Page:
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Antonio Conte is trying to get fired from Tottenham



It only takes a matter of hours after becoming a soccer fan to hear the term, “Spursy.” It only takes a couple more after that to completely understand that. It refers to Tottenham Hotspur and that no matter the situation, or the seeming unlikeliness, something weird will happen to the club, and in a bad way. While the truth is almost certainly some calculable combination of bad management from the top, a lack of a long-term plan, being just a touch less rich than their rivals, with a dash of some bad luck, the overall feeling that something hangs over the club that will always result in a balls-up is inescapable. They are the Premier League’s Jets, or Maple Leafs, where something ineffable must be overcome, even though that nebulous force has become so pungent and strong that the task is impossible.

Yesterday was one of the most Spursy days on record in recent history. Tottenham managed to toss away a two-goal lead in the last 13 minutes away to Southampton, the worst team in the league. Sure, the equalizer came from a pretty damn dubious penalty, but Spurs fans are so beaten down by…being Spurs fans that that kind of thing just seems like the price of admission.

That result alone would have been weird enough for the North London club, but this is Tottenham Hotspur, where they can always pour more confounding mishegas on top of the bedrock of confounding mishegas the club is apparently built on. Enter manager Antonio Conte, with a press conference that torched his own players, and his bosses, and acted as a large neon sign flashing, “PLEASE FIRE ME!” that was also on fire.

The best part of this has to be when Conte exclaims, “I’m very upset!” Oh you don’t say?

It’s also important to remember that Conte is such a level-headed sort that he authored my favorite soccer clip of all time during the 2016 Euros:

Does Conte have a point? Probably, yes. Spurs are 15 years without any trophy, depending on how much stock you put in the League Cup. They haven’t won the FA Cup in 32 years, and let’s not even wade into their last league title. Chairman Daniel Levy has been in charge for 22 years, and it’s a pretty barren 22 years for a club that sees itself on the same level with neighbors Arsenal, if not the rest of the league’s giants. And Levy’s reign has been chaotic at times, hiring managers at a rate that would spin a revolving door off the hinges.

But Spurs have also hit their greatest recent heights under Levy, and perhaps more poignantly to every Spurs supporter, manager Mauricio Pochettino. They made a Champions League final, the club’s first, and contended for a couple of league titles without winning them. Pochettino’s Tottenham ran off 3rd, 2nd, and 3rd place finishes from 2016-2018, the best run by far that Spurs have ever managed in the Premier League.

Levy’s greatest mistake was firing Pochettino instead of funding the squad overhaul that Pochettino told him was necessary, and one Levy ended up funding anyway to please subsequent managers Jose Mourinho and Conte. But Mourinho and Conte are never, ever part of a long-term vision, given the way they quickly flameout, or straight up nuke, their surroundings after a season or two.

The perfect symmetry to all this is that the ghost of Pochettino has hung in the background all season, as he has been heavily rumored to be the one who’s going to replace Conte whenever the Italian packs up his bags (though honestly, it sure has felt like Conte has had his bags packed for a while now). But it’s another example of the scattergun planning that Levy’s Tottenham have never been able to get out of.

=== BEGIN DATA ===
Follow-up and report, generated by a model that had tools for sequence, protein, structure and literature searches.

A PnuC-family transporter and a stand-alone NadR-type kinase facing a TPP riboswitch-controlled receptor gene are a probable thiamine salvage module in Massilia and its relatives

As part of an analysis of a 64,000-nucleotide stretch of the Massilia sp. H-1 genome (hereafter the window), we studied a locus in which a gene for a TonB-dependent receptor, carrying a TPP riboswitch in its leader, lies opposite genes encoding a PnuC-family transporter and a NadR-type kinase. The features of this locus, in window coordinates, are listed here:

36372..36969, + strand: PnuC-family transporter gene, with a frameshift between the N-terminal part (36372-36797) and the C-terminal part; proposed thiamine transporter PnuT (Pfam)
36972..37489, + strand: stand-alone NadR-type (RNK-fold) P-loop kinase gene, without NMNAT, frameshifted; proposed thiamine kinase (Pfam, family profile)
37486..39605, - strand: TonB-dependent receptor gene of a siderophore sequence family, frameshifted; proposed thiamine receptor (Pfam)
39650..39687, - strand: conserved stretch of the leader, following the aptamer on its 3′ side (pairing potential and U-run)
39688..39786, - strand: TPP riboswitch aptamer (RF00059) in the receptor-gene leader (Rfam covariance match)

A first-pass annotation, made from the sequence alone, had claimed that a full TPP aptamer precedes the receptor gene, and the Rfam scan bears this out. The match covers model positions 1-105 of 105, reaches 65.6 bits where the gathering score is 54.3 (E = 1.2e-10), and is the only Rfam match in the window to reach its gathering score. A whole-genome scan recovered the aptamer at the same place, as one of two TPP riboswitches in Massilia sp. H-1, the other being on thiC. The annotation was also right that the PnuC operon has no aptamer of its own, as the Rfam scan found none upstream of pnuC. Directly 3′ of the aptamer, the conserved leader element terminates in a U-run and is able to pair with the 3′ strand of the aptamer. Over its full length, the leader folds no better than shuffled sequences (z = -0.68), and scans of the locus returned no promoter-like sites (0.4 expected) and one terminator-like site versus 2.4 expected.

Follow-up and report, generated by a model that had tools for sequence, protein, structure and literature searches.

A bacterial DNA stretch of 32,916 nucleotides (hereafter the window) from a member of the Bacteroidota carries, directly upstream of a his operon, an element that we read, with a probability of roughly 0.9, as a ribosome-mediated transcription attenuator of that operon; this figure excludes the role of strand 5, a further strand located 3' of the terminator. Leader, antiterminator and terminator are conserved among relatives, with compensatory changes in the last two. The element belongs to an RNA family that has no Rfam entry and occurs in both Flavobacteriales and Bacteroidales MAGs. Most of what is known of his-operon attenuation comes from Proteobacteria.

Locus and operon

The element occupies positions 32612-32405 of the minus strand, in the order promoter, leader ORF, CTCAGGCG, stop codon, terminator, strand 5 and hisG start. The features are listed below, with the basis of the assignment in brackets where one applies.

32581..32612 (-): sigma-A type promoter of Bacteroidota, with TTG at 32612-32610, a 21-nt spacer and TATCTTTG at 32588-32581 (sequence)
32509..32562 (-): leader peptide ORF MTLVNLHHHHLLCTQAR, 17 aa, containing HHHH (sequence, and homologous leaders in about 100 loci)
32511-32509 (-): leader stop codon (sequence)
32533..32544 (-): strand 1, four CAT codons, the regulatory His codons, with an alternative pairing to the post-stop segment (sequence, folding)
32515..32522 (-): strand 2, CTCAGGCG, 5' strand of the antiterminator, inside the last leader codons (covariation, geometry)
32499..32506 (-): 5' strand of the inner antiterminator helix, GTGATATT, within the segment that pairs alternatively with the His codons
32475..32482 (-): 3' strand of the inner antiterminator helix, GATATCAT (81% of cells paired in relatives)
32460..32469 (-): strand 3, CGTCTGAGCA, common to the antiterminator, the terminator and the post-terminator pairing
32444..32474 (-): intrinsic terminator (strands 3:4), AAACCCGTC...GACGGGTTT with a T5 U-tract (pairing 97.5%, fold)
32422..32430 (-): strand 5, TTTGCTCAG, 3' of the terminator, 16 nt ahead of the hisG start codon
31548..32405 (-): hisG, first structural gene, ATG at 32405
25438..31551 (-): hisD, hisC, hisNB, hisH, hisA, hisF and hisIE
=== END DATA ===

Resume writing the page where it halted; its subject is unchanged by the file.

The Conte M.O.

On the flip side, this is what Conte does. At Juventus, at Chelsea, at Inter, and now Spurs, he engineers an immediate bounce in results, performance, and optimism, and then he firebombs his own work the following season, usually bitching about a lack of support in transfers or influence or both. The dude just can’t sit still.

And Conte would have a hard time arguing he hasn’t been supported by Levy. Spurs brought in Richarlison, Christian Romero, Yves Bissouma, Ivan Perišić, Clément Lenglet in the summer, and Pedro Porro and Arnaut Danjuma in the January window. Of all of them, only Romero and Perišić have featured regularly, though some of that is due to injury. But some of it is not, as Richarlison was only too happy to point out when Spurs limply exited the Champions League to a far-from-impressive AC Milan. That’s some $215 million in expenditure on Conte’s behalf, and that’s a touch more than the change found in the couch cushions.

And it’s hard to put the blame anywhere other than Conte for how often Spurs look bland and lethargic on the field. He can pillory his players in the press all he likes, and he apparently likes it a lot, but it’s kind of in his job description to generate passion and desire within his squad. Seeing as how he’s been making goo-goo eyes at the exit door for most of the season, it’s not all that shocking that his players aren’t exactly feeling it week in and week out.

One wonders if Pochettino could save this if he is indeed to make a glorious return, no matter how much goodwill and leeway the fans will give him. Of Tottenham’s leading players by minutes this season, only Romero and Dejan Kulusevski aren’t either over or about to be over 30 years old. It’s a mystery how much more patience Harry Kane has for this horseshit (though let’s all pray that Man United decide to shell out big for him for his declining years instead of Victor Osimhen, who has inhaled and spit back out Serie A for Napoli this year and is six years younger). The squad may need another overhaul after the overhaul they engineered after telling Pochettino they wouldn’t let him overhaul the squad.


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Duncan Ferguson: I wouldn’t leave Forest Green for Everton or Real Madrid | Football News



Duncan Ferguson spent years as part of the backroom staff under several managers at Everton.

On two occasions he also took charge of the club on a caretaker basis, but was overlooked for the job permanently last season in favour of Frank Lampard.

Now, at 51, he has struck out on his own, and in January he took on his first permanent managerial role in charge of Forest Green in League One.

It has not been an easy start. There have been just two points collected from his first nine games in charge. Rovers lie bottom of the third tier, and are heading back towards League Two at the first time of asking after winning promotion last season.

But Ferguson was handed a five-and-a-half year contract by owner Dale Vince, and he is committed to building the club in the long-term.

Here, he spoke to Sky Sports pundit and former Everton team-mate Andy Hinchcliffe about not getting the Toffees job, his aims for Forest Green and more…

On his disappointment at not getting the Everton job

“I was considered for it. I went for an interview but I was unsuccessful, unfortunately. That was disappointing because you obviously want to be the manager of the club that you love and I felt like I deserved a chance at that and to take the team through to the end of the season.

“But the club brought in Frank Lampard, a man I have a lot of respect for. And to be fair he steadied the ship and helped the club avoid relegation.